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Author (up) Ali, M.; Singh, N.; Kumar, M.; Zheng, Y.; Bourassa, M.; Kishtawal, C.; Rao, C.
Title Dominant Modes of Upper Ocean Heat Content in the North Indian Ocean Type $loc['typeJournal Article']
Year 2018 Publication Climate Abbreviated Journal Climate
Volume 6 Issue 3 Pages 71
Keywords ocean heat content; tropical cyclone heat potential; dominant modes; North Indian Ocean; SUMMER MONSOON; INTENSIFICATION; INTENSITY; PACIFIC
Abstract The thermal energy needed for the development of hurricanes and monsoons as well as any prolonged marine weather event comes from layers in the upper oceans, not just from the thin layer represented by sea surface temperature alone. Ocean layers have different modes of thermal energy variability because of the different time scales of ocean-atmosphere interaction. Although many previous studies have focused on the influence of upper ocean heat content (OHC) on tropical cyclones and monsoons, no study thus farparticularly in the North Indian Ocean (NIO)has specifically concluded the types of dominant modes in different layers of the ocean. In this study, we examined the dominant modes of variability of OHC of seven layers in the NIO during 1998-2014. We conclude that the thermal variability in the top 50 m of the ocean had statistically significant semiannual and annual modes of variability, while the deeper layers had the annual mode alone. Time series of OHC for the top four layers were analyzed separately for the NIO, Arabian Sea, and Bay of Bengal. For the surface to 50 m layer, the lowest and the highest values of OHC were present in January and May every year, respectively, which was mainly caused by the solar radiation cycle.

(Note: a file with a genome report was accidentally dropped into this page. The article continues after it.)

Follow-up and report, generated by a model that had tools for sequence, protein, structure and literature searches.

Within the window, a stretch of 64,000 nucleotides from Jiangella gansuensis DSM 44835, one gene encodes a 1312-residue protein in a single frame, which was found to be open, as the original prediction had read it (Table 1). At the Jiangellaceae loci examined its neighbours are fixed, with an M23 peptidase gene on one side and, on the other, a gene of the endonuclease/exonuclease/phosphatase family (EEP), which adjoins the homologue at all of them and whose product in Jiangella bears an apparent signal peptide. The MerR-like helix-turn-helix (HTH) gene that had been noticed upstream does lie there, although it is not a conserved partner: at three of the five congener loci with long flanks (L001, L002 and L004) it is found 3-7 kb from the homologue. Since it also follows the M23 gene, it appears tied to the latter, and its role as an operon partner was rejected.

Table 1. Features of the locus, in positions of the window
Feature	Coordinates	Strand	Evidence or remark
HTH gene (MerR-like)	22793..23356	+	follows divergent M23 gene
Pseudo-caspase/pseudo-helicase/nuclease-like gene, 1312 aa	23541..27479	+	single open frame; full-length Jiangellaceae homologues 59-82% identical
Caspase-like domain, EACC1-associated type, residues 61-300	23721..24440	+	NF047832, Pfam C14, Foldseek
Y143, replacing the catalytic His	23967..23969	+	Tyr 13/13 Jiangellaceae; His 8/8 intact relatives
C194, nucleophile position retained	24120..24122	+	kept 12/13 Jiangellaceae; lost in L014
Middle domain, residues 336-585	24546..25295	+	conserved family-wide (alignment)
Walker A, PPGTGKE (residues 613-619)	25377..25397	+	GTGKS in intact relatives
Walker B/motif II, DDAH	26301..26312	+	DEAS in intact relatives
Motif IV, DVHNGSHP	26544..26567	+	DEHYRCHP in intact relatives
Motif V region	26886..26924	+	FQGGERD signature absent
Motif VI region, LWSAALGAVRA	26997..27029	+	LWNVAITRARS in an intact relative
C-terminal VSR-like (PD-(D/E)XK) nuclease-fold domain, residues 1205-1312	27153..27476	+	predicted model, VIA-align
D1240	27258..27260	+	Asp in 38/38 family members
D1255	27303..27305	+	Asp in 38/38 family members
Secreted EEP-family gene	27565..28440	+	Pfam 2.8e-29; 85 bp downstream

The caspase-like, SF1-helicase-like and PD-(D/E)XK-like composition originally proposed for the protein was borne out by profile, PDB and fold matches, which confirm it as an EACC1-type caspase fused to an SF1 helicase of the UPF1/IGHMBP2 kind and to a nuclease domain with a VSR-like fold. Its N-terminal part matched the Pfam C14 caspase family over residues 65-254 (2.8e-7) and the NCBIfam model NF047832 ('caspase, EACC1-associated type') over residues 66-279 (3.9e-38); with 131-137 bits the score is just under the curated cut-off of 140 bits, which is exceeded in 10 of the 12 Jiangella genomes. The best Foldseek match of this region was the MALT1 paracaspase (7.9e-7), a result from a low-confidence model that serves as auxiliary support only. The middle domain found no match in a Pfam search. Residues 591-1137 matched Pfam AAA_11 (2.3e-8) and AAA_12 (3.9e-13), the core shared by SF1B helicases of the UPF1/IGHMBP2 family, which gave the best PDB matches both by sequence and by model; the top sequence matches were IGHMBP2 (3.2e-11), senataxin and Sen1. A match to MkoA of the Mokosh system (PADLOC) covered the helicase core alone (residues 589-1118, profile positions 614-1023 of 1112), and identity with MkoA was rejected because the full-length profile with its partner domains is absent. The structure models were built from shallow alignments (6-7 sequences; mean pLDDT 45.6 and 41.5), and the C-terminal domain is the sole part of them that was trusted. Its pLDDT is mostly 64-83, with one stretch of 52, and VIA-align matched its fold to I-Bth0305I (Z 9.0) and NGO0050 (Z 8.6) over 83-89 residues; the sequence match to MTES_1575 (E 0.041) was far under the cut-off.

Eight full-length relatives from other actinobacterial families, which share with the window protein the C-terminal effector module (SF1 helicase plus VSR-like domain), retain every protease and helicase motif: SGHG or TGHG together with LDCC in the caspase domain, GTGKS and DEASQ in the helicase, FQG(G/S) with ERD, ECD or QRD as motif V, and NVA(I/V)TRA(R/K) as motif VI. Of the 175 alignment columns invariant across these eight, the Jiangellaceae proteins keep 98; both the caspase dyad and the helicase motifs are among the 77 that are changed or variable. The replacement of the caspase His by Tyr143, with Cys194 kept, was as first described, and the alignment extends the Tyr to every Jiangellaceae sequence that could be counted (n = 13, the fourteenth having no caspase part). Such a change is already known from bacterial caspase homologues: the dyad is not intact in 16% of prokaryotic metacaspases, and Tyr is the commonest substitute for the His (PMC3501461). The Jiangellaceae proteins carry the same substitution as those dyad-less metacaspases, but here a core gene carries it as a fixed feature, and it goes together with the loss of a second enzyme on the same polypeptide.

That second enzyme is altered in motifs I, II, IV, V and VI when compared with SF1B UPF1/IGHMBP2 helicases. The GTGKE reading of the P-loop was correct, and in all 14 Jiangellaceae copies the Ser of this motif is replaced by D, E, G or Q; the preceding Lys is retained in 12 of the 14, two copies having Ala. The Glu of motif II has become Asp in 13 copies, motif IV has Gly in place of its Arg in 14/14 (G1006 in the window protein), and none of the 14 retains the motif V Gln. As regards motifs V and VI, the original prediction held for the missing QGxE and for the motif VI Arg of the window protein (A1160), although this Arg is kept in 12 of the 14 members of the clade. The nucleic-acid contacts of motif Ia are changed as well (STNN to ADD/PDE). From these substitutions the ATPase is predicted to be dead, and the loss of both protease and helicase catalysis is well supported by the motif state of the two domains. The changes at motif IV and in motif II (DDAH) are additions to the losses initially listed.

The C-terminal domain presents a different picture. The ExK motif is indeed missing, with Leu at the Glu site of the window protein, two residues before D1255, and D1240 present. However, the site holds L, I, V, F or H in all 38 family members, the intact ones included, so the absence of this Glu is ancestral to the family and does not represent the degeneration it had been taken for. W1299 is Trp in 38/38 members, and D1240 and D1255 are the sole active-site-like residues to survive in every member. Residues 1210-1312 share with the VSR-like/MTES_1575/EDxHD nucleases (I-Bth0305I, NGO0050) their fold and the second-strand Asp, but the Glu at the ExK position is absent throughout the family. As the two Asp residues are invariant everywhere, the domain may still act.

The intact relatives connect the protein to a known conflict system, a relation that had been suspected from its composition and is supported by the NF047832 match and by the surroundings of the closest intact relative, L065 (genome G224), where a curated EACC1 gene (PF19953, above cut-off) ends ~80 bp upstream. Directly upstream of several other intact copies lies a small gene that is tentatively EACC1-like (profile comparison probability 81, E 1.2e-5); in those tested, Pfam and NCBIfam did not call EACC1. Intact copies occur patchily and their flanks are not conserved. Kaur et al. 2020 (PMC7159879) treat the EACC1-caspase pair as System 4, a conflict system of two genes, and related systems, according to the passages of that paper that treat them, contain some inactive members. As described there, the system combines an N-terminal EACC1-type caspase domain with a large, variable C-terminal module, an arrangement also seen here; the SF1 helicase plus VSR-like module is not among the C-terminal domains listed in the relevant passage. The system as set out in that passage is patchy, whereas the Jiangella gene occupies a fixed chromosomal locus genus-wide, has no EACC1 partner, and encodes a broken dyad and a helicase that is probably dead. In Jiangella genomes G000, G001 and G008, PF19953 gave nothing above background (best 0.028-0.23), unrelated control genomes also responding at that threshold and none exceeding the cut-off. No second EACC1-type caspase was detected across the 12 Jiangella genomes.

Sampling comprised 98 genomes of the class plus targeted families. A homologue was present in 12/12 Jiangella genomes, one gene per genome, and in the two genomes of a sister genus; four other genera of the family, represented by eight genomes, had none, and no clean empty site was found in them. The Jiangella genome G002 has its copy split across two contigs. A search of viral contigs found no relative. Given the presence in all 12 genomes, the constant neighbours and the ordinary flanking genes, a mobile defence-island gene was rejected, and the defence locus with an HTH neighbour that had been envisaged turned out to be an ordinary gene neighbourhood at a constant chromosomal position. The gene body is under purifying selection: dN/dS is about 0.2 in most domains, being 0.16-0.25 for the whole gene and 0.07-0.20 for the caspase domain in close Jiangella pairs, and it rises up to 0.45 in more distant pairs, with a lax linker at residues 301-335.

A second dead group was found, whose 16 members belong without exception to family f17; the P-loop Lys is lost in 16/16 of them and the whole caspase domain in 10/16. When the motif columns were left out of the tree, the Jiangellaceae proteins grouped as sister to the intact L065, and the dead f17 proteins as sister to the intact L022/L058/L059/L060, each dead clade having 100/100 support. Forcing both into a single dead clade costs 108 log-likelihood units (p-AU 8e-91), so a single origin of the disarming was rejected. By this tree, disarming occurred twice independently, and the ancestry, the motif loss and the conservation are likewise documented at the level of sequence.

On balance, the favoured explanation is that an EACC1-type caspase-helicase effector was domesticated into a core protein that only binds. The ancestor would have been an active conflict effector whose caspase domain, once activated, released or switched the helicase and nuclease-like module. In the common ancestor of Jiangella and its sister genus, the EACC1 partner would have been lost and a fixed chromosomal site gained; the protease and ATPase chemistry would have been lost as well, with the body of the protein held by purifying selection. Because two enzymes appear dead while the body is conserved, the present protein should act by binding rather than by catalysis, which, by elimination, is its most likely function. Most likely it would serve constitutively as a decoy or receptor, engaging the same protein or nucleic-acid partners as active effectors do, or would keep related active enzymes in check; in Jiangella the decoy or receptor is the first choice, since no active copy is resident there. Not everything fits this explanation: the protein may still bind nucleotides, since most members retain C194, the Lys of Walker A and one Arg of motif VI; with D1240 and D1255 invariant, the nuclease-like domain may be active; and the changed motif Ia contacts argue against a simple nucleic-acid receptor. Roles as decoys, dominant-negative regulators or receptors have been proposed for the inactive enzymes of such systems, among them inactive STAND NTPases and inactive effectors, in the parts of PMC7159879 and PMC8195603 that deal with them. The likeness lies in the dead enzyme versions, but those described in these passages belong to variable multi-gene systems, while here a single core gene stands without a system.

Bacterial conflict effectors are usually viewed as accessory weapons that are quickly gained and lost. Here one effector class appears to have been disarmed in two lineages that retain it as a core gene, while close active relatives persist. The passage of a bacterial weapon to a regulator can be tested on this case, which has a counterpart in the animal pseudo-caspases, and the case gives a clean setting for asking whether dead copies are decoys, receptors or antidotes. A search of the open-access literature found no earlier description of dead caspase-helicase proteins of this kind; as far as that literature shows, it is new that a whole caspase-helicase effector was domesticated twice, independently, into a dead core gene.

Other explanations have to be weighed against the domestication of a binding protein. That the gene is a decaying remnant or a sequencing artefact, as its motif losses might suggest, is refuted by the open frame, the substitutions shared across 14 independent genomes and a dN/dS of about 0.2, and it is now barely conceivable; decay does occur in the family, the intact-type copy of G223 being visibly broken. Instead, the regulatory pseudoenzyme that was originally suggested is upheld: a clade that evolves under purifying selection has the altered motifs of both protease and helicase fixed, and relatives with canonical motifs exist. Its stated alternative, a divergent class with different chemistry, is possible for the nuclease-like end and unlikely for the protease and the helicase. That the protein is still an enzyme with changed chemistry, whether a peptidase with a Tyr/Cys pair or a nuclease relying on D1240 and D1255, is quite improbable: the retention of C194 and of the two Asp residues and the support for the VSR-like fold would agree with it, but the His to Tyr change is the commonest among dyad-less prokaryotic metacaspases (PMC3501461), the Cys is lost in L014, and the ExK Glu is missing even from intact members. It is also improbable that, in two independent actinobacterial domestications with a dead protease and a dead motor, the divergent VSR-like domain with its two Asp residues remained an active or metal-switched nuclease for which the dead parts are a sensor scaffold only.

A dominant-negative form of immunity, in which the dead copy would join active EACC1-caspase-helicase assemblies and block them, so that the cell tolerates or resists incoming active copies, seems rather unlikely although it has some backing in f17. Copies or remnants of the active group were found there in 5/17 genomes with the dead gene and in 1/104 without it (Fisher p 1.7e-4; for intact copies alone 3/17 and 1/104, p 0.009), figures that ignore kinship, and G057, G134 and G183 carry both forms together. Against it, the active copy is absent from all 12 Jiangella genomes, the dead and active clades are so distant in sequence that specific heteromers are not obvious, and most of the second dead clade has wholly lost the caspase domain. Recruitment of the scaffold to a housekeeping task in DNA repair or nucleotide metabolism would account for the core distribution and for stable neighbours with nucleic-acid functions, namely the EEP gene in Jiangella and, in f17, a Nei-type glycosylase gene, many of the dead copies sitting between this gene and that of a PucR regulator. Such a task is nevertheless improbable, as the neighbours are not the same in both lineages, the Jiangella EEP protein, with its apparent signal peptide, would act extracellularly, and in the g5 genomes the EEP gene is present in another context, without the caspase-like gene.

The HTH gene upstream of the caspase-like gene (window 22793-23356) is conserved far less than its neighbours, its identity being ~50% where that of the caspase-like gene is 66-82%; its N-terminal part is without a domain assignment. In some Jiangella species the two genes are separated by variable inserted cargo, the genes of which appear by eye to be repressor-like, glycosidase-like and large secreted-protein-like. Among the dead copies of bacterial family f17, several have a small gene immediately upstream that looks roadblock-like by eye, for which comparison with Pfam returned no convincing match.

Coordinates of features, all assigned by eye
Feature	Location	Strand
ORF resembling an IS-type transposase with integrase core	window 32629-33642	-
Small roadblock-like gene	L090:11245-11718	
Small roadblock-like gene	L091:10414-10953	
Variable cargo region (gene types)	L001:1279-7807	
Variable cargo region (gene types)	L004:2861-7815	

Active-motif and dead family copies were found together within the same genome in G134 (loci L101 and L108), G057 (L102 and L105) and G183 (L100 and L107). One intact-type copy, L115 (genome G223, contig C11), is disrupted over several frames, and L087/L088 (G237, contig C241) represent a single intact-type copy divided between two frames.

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Publisher Place of Publication Editor
Language Summary Language Original Title
Series Editor Series Title Abbreviated Series Title
Series Volume Series Issue Edition
ISSN 2225-1154 ISBN Medium
Area Expedition Conference
Funding Approved $loc['no']
Call Number COAPS @ rl18 @ Serial 986
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Author (up) Ansong, J.K.; Arbic, B.K.; Simmons, H.L.; Alford, M.H.; Buijsman, M.C.; Timko, P.G.; Richman, J.G.; Shriver, J.F.; Wallcraft, A.J.
Title Geographical Distribution of Diurnal and Semidiurnal Parametric Subharmonic Instability in a Global Ocean Circulation Model Type $loc['typeJournal Article']
Year 2018 Publication Journal of Physical Oceanography Abbreviated Journal J. Phys. Oceanogr.
Volume 48 Issue 6 Pages 1409-1431
Keywords Baroclinic flows; Internal waves; Nonlinear dynamics; Ocean dynamics; Baroclinic models; Ocean models
Abstract The evidence for, baroclinic energetics of, and geographic distribution of parametric subharmonic instability (PSI) arising from both diurnal and semidiurnal tides in a global ocean general circulation model is investigated using 1/12.5° and 1/25° simulations that are forced by both atmospheric analysis fields and the astronomical tidal potential. The paper examines whether PSI occurs in the model, and whether it accounts for a significant fraction of the tidal baroclinic energy loss. Using energy transfer calculations and bispectral analyses, evidence is found for PSI around the critical latitudes of the tides. The intensity of both diurnal and semidiurnal PSI in the simulations is greatest in the upper ocean, consistent with previous results from idealized simulations, and quickly drops off about 5° from the critical latitudes. The sign of energy transfer depends on location; the transfer is positive (from the tides to subharmonic waves) in some locations and negative in others. The net globally integrated energy transfer is positive in all simulations and is 0.5%�10% of the amount of energy required to close the baroclinic energy budget in the model. The net amount of energy transfer is about an order of magnitude larger in the 1/25° semidiurnal simulation than the 1/12.5° one, implying the dependence of the rate of energy transfer on model resolution.